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First it was the ill-advised TV campaign to lure new business to his state by bragging about tax cuts, and now New York Governor Andrew Cuomo has launched his “Tax-Free NY” initiative which would turn many of the state’s public universities, private universities, and community colleges into tax-free havens. Providing a full complement of tax breaks, the Governor’s plan would exempt qualified businesses from paying any sales, property, and corporate taxes for a decade, and would exempt employees of those businesses from the personal income tax.
These no-tax zones include all state university campuses outside of New York City, some private colleges, up to 200,000 square feet in certain campus-adjacent zones, and 20 undisclosed “strategically located” state-owned properties. The Governor’s plan vaguely defines eligible businesses as companies with a relationship to the academic mission of the university and then includes: new businesses, out-of-state businesses that relocate to New York, and existing businesses that expand their New York operations.
Touting the plan as a way to revitalize the upstate economy, the Governor claims the free pass on taxes would “attract start-ups, venture capital, new business, and investments from across the world.” However, economists from across the political spectrum have their doubts (and so do we).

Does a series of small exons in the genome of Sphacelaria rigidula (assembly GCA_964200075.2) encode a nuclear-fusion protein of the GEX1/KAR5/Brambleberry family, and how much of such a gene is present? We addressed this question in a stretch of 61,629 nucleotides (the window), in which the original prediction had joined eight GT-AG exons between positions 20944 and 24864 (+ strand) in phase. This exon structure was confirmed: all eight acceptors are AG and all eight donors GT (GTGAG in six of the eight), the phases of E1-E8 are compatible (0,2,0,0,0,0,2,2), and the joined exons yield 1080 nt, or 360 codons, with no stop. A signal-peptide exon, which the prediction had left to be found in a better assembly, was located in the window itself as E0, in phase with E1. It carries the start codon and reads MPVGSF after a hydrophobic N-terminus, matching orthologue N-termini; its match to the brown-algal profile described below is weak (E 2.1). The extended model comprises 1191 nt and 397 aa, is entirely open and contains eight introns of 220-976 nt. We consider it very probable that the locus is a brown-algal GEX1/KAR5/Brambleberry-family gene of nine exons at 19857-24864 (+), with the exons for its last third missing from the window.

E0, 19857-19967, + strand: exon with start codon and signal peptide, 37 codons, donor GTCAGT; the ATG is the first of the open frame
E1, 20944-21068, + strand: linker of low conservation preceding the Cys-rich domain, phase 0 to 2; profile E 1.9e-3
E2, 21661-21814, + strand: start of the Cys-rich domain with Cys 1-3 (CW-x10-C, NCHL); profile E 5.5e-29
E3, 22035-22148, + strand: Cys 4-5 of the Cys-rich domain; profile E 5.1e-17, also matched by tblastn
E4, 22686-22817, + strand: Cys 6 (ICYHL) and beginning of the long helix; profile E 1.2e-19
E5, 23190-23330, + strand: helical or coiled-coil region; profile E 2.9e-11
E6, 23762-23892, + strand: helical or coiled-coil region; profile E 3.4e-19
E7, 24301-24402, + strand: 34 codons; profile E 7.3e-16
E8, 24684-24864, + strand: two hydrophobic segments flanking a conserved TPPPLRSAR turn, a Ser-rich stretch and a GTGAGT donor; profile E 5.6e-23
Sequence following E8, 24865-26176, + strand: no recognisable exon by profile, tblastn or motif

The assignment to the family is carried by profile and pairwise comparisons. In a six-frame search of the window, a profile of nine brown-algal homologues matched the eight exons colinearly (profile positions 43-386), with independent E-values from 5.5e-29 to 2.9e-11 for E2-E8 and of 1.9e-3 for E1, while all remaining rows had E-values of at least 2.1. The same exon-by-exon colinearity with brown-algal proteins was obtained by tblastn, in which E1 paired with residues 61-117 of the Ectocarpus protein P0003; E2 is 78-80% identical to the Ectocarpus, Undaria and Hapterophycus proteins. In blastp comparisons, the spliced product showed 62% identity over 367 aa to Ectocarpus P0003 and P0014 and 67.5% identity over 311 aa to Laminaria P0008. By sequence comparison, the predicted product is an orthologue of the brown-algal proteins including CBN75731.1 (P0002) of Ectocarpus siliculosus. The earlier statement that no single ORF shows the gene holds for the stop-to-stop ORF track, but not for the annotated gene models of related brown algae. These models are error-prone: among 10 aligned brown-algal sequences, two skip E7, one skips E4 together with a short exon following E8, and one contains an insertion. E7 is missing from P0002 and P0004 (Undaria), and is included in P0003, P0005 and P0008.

Professor John Yinger of Syracuse University said in response to Cuomo’s plan that: “In New York we have a dizzying array of tax breaks with no evidence they help, and now here’s a new version. You’d do much better improving our schools and infrastructure than giving tax breaks to businesses who would be in the state anyway.”
Others, such as Danny Donohue of the Civil Service Employees Association, argue the plan is another tax giveaway to businesses at the expense of local communities and the middle-class. Donohue says: “The governor doesn’t get the fact that more corporate welfare is no answer to New York’s economic challenges… it’s outrageous that the governor and legislative leaders think we can give away even more to businesses without any guarantee of benefit to taxpayers.”
In addition to creating little if any economic growth, the plan is likely to worsen the state’s already precarious fiscal situation. With the state budget office projecting (PDF) shortfalls ranging up to $3 billion per year in the coming years, removing entire companies from the tax rolls is hardly fiscally responsible.
To move the plan forward, the Governor will need legislative approval before the state’s legislative session ends on June 20th. Quick – someone get this policy brief (PDF) up to Albany!